It seems like that the latest marketing technique for software vendors is to sling a little FUD and see if it sticks. Fear, Uncertainty and Doubt make for some attention-grabbing headlines and are great for scaring potential customers away from a competitors offering.
It seems like that the latest marketing technique for software vendors is to sling a little FUD and see if it sticks. Fear, Uncertainty and Doubt make for some attention-grabbing headlines and are great for scaring potential customers away from a competitor's offering.
While IBM is seen as the originator of FUD tactics, Microsoft is often vilified as the perpetuator of the FUD marketing phenomenon with its anti-Linux campaigns, but they are by no means the only software company engaging in this practice. In fact, Microsoft itself has been the victim of FUD in recent months, with some people claiming Windows Vista would "cripple the Internet". (And in case you didn't notice, it hasn't happened yet.)
The latest round in the FUD flinging comes from database ETL tool manufacturer Informatica in regards to its recent court win regarding patents that Business Objects may have infringed upon in one of their products, Data Integrator. Patents are a contentious issue to begin with in the software industry and even before the case was finalised, Business Objects removed the offending feature from the product.
Modifying the product to remove the disputed feature amounted to removing around 2000 lines of code, or less than 0.1% of the total source code. From the user interface, it was as simple as taking an option off of a right-click menu.
But last week Informatica's Australian PR machine spun in to high gear, alleging that there were "big ticket" projects in doubt at 15 Australian companies as a result of the patent win. And when pressed for the details of these companies, Informatica backpedalled with the Managing Director of Informatica Australia conceding he wasn't sure if customers that had deployed Data Integrator actually would used the feature covered by the patent ruling.
The only reason that the backpedalling occurred was that the issue was pressed by a journalist who just wanted to confirm the facts as they were presented to him— there were a number of news outlets who took the PR spin at face value and published it almost verbatim. So as IT journalists, we have a lot to answer for when it comes to contributing to the FUD factor.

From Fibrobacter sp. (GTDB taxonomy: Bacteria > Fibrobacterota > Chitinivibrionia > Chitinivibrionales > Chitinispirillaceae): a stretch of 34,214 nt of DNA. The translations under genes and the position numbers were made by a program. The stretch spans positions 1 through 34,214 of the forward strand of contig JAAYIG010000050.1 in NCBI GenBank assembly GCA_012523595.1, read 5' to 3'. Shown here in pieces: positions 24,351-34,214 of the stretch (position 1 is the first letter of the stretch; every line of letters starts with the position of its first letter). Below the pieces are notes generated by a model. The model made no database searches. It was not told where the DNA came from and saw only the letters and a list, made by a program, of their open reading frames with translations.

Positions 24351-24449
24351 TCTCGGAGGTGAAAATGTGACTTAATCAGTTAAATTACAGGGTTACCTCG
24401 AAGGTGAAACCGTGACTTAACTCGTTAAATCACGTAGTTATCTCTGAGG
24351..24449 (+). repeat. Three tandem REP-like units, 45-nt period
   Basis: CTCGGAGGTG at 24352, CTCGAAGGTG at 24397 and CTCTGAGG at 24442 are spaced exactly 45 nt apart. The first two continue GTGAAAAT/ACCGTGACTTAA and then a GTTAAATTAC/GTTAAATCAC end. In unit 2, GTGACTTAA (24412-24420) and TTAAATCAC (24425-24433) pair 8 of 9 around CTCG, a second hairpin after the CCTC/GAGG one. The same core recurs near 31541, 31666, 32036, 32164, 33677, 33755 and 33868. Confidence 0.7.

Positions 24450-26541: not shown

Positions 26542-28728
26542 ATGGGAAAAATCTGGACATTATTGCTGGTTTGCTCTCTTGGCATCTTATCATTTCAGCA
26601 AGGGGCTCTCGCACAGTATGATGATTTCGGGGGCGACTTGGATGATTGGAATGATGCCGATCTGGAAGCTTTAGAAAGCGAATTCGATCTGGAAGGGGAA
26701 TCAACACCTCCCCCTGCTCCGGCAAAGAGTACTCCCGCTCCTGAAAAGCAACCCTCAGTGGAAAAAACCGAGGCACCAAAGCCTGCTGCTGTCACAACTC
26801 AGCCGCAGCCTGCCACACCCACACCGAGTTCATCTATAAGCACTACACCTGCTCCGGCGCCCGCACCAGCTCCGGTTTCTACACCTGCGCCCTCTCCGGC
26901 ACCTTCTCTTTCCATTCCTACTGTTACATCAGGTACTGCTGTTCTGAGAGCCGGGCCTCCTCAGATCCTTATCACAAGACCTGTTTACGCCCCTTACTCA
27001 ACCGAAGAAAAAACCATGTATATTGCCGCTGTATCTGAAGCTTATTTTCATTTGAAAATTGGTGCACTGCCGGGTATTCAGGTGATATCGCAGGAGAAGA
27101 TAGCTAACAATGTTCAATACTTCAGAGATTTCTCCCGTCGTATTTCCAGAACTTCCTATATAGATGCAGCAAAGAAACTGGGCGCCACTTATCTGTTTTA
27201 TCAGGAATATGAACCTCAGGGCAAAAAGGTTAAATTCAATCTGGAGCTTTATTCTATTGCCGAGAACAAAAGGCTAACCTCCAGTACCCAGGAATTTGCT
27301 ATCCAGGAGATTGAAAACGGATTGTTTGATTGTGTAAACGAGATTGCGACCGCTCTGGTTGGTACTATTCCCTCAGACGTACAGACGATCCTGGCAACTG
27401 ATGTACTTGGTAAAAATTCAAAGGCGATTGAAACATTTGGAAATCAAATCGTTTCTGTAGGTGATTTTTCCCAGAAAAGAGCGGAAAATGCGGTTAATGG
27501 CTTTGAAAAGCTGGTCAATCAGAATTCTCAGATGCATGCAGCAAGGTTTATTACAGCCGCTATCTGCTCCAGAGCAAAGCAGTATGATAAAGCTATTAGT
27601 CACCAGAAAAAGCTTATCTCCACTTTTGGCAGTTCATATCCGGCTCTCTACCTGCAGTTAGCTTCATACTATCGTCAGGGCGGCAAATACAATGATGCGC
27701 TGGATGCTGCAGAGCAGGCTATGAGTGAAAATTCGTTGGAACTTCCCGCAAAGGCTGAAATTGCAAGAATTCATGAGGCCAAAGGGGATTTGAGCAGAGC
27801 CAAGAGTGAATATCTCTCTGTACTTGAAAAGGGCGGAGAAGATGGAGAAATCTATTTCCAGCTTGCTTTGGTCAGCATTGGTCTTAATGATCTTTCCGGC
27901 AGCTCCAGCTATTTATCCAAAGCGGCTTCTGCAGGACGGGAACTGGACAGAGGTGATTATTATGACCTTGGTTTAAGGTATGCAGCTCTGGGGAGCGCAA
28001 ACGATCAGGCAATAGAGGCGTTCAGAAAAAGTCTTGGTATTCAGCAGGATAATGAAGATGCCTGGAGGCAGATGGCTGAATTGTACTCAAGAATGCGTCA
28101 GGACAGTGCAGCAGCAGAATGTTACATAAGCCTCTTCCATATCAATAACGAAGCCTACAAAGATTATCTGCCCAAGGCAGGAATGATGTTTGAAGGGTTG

As do the PR and marketing folk who produce press releases and spin stories to their benefit, regardless of the truth. And who doesn't love a juicy headline? "15 Big Ticket Customer Projects in Doubt" sounds much better than "Feature Removed From Right-Click Menu". Part of the problem is the PR and marketing communities' reluctance to get their hands dirty and actually understand the underlying technology and the issues at hand.
This was never more evident than in the SCO/IBM stoush, where the FUD flew thick and fast with Darl McBride, President and CEO of SCO in 2003 issuing such notable quotes as "It would be within SCO Group's rights to order every copy of AIX 'destroyed'". Obviously that hasn't happened either, but it sounded like a great threat to those companies using or considering using IBM's version of Unix. And for a while, SCO actually saw an increase in their stock price after an extensive FUD campaign against IBM. It was ironic that IBM, the company credited with creating FUD fell victim to it as well, but since then SCO's fortunes have taken a down turn and customers are still deploying IBM's AIX.
What software companies don't see is that FUD actually reduces the credibility of the software industry as a whole and reduces the whole realm of software marketing to the level of a five year-old. "You've got girl cooties" shouted out on the playground was probably the first use of FUD for most marketing executives and the technique hasn't evolved much since. It's a desperate attempt to gain mind share and put that seed of doubt into someone's mind about your competitor's product.
So here is my solution to the problem of FUD marketing — take all the time and money you may spend spreading fear, uncertainty and doubt about your competitor and put that into product development. Focus on being an innovator and leading the market with reliable, robust, scalable software tools that are well designed, free of defects and intuitive to use.
And when it comes time for a customer to decide between your product and a competitors, go out and buy a copy of the software or better yet, invite the other vendor to do a head-to-head comparison and spend the effort proving that your product is better.
Because when it comes right down to it, customers are not stupid. We are living in an age of intelligent, informed consumers that can research all of the offerings out there and make the best choice for themselves. You don't need to use fear, uncertainty and doubt to sell product, you just need to make a better product.
Disclosure: David McAmis is a partner in Avantis, a consulting services firm in Sydney, Australia that counts Business Objects, Hyperion, IBM and Microsoft among its business partners